Asia-Pacific gears up for regional Beijing+30 review on gender equality


Member states and civil society organizations from across Asia and the Pacific at the Beijing+30 review informative session held during a regional CSW68 consultation in Bangkok, Thailand.
Member states and civil society organizations from across Asia and the Pacific at the Beijing+30 review informative session held during a regional CSW68 consultation in Bangkok, Thailand. Photo: UN Women/Ploy Phutpheng

Countries in the Asia-Pacific region joined an informative session on the upcoming 30+ review of the Beijing Declaration and Platform for Action, a set of gender-equality commitments agreed at the Fourth World Conference on Women in Beijing in 1995.

The session was held in Bangkok at the Asia-Pacific Regional Consultation on the priority theme for the 68th session of the Commission on the Status of Women (CSW 68), held 6-7 February, jointly convened by the UN’s Economic and Social Commission for Asia and the Pacific (ESCAP) and UN Women’s Regional Office for Asia and the Pacific.

The reviews are held every five years, at national, regional and global levels, explained Channe Lindstrøm Oguzhan, social affairs officer at ESCAP. This year’s will be Beijing + 30, with the country-level reviews comprising the first step of the process, followed by the regional reviews. Participants were reminded of the deadlines - and available support -for their contributions.

“The national reports are very important,” said Catarina Carvalho, chief of UN Women’s Intergovernmental Support Division, joining by video link. “These are the sources for the regional synthesis report and our global report” and are key to assessing the implementation of the Beijing agreement, she said.

“As UN women, we stand ready to support and provide any detailed briefings on how to submit to the online platform. You can also request support from our country offices for the national reviews,” added Carvalho.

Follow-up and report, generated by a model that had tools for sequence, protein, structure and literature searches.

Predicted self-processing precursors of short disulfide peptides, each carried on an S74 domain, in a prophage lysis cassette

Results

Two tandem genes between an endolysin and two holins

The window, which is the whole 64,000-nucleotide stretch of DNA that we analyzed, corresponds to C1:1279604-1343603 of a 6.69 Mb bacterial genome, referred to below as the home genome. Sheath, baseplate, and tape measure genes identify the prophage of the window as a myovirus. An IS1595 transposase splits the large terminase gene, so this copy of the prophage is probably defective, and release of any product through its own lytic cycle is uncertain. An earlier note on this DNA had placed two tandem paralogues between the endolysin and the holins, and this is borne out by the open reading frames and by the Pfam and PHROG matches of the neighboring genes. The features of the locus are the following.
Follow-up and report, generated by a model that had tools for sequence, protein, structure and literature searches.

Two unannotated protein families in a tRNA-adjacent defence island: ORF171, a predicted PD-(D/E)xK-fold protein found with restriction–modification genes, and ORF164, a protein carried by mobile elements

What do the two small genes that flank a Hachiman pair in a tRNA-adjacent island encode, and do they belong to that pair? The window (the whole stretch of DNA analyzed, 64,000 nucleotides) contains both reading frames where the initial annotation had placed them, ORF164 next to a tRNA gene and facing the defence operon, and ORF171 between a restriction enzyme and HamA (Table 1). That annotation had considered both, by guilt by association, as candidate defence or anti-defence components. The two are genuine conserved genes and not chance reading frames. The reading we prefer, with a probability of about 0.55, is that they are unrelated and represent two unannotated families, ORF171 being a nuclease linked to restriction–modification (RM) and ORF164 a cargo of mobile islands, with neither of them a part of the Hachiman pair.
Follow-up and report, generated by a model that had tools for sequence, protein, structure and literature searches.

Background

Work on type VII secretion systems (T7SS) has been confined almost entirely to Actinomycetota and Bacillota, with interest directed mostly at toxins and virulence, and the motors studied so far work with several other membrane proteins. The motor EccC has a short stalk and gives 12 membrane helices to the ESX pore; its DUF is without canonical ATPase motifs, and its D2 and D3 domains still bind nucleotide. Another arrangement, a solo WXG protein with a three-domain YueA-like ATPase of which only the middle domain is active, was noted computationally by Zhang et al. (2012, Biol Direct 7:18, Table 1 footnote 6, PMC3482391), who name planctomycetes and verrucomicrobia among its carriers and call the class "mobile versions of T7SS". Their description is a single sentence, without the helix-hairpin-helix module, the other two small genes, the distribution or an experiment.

The submitted national reviews will inform the Beijing+30 Asia-Pacific Ministerial Conference, to be held in Bangkok on 19-21 November, preceded by a forum of civil society organizations to ensure their input.

The outcome of that regional review will then feed in to the global Beijing +30 review, to be deliberated at next year’s CSW, the 69th edition, in March 2025.

Some progress but also setbacks for gender equality in the region

Speaking at the Beijing+30 informative session, Oguzhan gave a brief overview of some of the progress points and persistent challenges since the previous review five years ago, Beijing +25, produced the Asia-Pacific Declaration on Advancing Gender Equality and Women’s Empowerment.

“On a positive note, the proportion of women in political leadership is increasing,” she said. “However, with an average of 20.8 percent of parliamentarians being women, the region is still below the global average of 26.5 percent, which is still very far from achieving parity overall.” Only five countries in the ESCAP region have more than a quarter of women cabinet ministers, with several having none, she pointed out.

She also drew attention to the “alarmingly high rates of gender-based violence,” especially during the COVID-19 pandemic, which not only harms the women directly affected but also exacerbates wider inequalities.

Thirdly, she provided some figures on the “general and regrettable long-term trend of a decrease in female labour force participation in the ESCAP region,” with the ratio of women to men in the workforce falling from 0.64 in 1995 to 0.59 in 2023.

Reducing the gender gap in the labour force by a quarter “could add as much as 3.2 trillion USD to the overall GDP of the Asia-Pacific region,” she said. “So investing in women is a worthwhile investment indeed.”

Next steps in the regional review process

Member states are called on to complete an online survey and national reports. ESCAP have also established an Asia-Pacific gender portal to provide data and other support for member states, Oguzhan explained.

UN Women’s Carvalho outlined the structure of the reports in to six sections, including an analysis (in Section 3) of measures, achievements and challenges across the 12 designated critical areas.

She also emphasized the importance of aligning the Beijing +30 review process with the UN’s Agenda 2030 on sustainable development. The output from the overall Beijing +30 review will be a political declaration that “will result in renewed commitments and clear sets of priority actions,” she said.